Since the mid-1980s, it has, like many other industries, been shifting from a series of discrete national industries to a more integrated global industry. Global integration embeds firms in larger regional and global-scale systems of production, consumption, innovation, sourcing, command and control. These global ties have been accompanied by strong regional structures at the operational level.
Market differences sometimes require automakers to alter the design of their vehicles to fit the characteristics of specific markets (e.g., right vs. left hand drive, more rugged suspension and larger fuel tanks for developing countries, pick-up trucks for Thailand and Australia, etc.). While many vehicles are designed with global markets in mind, an increasing number are developed with inputs from affiliated regional design centres, where designers and engineers help to tailor vehicles to national and regional markets. Nevertheless, full production is not required at each location.
Suppliers with a global presence can concentrate volume production of specific components in one or a few locations and ship them to plants close to their customer’s final assembly plants where modules and sub-systems are built up and sent to the final assembly line as needed. The automobile industry is typically considered to be the forefront of globalization. No doubt, the automobile industry is technically advanced, but the increasing integration of low income countries into the global division of labour has put competitive pressure on traditional automobile producing countries.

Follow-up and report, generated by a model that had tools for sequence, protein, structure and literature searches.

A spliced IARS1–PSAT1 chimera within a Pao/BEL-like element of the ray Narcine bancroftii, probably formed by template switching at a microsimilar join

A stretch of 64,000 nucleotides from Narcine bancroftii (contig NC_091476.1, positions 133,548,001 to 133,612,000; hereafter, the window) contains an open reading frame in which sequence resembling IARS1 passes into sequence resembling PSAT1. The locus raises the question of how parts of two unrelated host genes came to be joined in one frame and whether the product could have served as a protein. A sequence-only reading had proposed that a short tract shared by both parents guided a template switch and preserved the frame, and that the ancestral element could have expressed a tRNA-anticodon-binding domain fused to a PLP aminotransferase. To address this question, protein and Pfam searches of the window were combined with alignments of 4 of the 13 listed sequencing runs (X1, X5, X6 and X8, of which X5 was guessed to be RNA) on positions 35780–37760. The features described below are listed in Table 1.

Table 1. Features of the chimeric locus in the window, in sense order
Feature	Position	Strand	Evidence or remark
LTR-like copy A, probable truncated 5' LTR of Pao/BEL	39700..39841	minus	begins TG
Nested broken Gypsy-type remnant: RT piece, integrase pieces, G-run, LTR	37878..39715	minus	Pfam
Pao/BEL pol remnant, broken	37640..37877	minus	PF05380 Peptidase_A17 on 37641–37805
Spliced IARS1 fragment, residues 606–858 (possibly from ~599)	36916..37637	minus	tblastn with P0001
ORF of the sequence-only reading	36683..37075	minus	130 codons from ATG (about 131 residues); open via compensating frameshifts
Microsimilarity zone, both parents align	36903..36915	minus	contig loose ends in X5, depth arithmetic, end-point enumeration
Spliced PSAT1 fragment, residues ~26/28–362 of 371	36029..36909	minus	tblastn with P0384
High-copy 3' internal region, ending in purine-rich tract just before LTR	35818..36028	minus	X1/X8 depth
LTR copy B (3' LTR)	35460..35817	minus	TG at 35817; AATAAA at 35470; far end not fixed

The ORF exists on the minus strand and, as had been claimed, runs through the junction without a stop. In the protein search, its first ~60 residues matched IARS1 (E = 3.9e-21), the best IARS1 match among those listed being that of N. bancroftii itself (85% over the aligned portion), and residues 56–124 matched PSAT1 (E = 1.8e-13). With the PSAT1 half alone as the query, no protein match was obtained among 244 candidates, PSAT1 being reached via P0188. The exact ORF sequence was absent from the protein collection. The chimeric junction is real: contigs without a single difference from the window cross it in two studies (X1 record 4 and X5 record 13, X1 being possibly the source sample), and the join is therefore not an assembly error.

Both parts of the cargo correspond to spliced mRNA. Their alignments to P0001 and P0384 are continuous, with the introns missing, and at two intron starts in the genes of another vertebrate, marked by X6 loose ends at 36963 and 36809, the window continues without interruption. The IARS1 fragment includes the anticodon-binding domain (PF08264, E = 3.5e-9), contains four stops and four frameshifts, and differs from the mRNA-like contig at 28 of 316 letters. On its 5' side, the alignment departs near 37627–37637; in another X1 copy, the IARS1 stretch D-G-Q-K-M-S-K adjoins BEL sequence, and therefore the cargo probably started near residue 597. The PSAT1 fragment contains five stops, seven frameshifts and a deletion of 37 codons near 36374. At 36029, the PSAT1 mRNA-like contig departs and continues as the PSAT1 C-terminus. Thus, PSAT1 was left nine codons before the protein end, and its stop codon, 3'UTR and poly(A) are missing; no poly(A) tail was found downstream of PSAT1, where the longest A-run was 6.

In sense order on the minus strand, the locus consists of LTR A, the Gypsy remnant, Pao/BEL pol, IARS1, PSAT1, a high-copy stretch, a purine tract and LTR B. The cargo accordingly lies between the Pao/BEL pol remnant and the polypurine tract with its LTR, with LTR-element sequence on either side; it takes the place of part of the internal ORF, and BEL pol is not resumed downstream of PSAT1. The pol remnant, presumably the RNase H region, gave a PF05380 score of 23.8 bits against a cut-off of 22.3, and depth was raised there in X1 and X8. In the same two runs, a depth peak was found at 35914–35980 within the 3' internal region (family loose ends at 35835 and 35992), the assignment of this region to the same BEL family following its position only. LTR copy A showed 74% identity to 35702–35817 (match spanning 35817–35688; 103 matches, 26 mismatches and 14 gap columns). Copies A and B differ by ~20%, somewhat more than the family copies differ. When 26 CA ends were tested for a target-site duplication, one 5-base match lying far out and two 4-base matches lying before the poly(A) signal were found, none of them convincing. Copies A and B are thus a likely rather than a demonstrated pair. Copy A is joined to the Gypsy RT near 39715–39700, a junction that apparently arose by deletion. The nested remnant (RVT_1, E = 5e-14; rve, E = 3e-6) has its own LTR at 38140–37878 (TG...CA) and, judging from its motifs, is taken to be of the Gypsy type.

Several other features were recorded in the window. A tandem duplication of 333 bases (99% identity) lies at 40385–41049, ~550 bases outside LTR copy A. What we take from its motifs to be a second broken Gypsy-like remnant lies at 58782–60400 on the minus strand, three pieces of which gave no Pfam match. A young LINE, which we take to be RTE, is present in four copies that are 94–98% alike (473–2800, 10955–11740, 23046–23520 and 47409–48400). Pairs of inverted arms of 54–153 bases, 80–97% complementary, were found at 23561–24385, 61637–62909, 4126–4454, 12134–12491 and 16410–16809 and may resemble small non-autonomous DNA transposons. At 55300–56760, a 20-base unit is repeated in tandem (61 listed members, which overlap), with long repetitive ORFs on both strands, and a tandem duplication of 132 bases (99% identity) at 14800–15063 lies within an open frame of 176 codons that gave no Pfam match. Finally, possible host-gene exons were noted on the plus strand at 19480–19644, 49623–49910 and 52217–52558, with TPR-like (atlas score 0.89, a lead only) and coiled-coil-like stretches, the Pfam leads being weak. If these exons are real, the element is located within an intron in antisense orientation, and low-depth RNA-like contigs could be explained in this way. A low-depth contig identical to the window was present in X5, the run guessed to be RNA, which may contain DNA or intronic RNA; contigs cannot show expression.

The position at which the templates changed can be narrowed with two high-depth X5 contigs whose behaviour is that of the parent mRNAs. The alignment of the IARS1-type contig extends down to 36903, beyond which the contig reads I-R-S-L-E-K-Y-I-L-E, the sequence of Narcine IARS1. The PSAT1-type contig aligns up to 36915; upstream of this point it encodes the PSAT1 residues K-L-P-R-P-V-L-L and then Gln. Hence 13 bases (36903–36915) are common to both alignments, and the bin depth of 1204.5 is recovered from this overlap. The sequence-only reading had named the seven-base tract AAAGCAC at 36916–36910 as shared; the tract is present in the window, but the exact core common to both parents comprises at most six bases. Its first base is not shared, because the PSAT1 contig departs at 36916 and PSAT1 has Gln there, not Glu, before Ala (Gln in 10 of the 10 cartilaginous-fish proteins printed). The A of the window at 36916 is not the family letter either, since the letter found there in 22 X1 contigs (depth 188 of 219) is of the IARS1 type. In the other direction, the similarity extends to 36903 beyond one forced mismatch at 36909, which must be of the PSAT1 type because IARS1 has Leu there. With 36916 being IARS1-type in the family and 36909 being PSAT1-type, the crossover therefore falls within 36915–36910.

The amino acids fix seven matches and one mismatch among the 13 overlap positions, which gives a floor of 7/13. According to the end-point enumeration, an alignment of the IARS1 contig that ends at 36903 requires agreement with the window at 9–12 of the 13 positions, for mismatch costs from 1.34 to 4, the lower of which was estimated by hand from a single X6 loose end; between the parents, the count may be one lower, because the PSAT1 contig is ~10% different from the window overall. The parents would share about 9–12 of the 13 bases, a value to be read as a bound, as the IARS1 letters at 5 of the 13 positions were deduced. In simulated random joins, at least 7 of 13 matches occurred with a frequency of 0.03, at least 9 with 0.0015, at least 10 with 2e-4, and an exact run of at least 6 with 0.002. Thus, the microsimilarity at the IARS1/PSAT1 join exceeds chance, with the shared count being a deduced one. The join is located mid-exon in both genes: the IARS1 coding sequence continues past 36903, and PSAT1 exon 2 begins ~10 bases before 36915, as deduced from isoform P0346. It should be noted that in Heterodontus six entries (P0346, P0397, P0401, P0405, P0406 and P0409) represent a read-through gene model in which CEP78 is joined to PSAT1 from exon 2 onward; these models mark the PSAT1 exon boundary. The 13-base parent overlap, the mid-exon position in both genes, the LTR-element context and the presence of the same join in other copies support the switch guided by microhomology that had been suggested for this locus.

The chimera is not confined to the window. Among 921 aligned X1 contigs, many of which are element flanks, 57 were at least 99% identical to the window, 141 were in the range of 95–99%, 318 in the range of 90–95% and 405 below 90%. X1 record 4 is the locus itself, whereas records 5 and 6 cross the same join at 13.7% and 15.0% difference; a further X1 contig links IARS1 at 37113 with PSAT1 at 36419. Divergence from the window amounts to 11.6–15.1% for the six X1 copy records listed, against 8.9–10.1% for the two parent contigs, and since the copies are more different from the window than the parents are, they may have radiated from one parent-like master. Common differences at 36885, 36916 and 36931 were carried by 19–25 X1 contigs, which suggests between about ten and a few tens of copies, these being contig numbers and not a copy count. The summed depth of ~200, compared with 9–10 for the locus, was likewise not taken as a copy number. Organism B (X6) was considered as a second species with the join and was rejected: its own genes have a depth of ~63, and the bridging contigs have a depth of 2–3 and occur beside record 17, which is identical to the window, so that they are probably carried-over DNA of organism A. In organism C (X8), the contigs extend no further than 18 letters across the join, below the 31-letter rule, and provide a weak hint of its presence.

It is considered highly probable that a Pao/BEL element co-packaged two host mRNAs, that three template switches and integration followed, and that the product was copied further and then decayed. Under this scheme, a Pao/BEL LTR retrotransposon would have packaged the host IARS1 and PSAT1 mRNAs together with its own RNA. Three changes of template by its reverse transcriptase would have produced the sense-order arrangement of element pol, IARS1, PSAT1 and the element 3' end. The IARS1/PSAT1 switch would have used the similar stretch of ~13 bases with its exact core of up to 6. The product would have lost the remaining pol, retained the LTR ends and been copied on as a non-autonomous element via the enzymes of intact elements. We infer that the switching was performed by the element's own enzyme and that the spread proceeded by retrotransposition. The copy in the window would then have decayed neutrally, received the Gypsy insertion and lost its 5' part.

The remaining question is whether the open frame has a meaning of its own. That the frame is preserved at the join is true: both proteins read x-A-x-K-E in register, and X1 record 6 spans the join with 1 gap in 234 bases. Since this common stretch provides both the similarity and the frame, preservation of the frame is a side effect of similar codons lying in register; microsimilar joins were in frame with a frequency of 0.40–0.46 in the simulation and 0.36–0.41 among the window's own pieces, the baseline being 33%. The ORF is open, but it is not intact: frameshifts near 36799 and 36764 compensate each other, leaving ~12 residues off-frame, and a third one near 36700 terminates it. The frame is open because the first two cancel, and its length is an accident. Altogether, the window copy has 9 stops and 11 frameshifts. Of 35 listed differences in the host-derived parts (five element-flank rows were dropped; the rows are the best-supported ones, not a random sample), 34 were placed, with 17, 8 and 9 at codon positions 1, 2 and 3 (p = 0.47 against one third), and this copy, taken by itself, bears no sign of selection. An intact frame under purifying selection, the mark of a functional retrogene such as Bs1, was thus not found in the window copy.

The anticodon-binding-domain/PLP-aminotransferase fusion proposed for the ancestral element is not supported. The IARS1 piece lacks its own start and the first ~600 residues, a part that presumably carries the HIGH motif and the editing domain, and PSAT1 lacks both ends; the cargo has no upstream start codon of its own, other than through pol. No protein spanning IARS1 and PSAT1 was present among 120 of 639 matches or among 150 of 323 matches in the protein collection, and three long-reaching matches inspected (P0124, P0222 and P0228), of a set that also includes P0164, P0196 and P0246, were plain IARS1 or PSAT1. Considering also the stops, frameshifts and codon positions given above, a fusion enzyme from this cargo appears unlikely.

The multinational companies are investing in low income countries, resulting increase in Foreign Direct Investment which further leading to emergence of new automobile producers and exporters in different parts of the world including India. The sector is not only progressing in terms of production, sales etc. but also adopting the moderate work system and human resource polices like (a) Personal focused comprising job satisfaction, health system and social support, (b) Organizational focused comprising organization commitment and perception of organizational justice.
The Indian automotive industry
Indian automobile industry currently contributes 5% to India’s current GDP of $1.4 trillion. The projected size in 2016 of the Indian automotive industry varies between $ 122 billion and $159 billion including USD35 billion in exports. This translates into a contribution of 10% to 11% towards India’s GDP by 2016, which is more than double the current contribution. At present, India is the second largest producer in the two wheelers segment and also the largest motorcycle manufacturer in the world. India is the fifth largest manufacturer of commercial vehicles.
India is also the fourth largest car market in Asia. Presently, this sector is growing at 14-17 per cent per annum with domestic sale growth of 12.8 per cent. The current growth indicates that by 2020 India will overtake Germany and Japan in sales volume. The sector also employs more than 7 lakh skilled workers and further generating huge employment opportunities for professionals and non-professionals. The Indian automobile industry has produced a wide variety of vehicles including 17 lakh four wheelers (passenger cars, light, medium and heavy vehicles, multi-utility vehicles such as jeeps) and over 80 lakh two and three wheelers (scooter, motorcycle, moped and three wheelers) in 2010-12.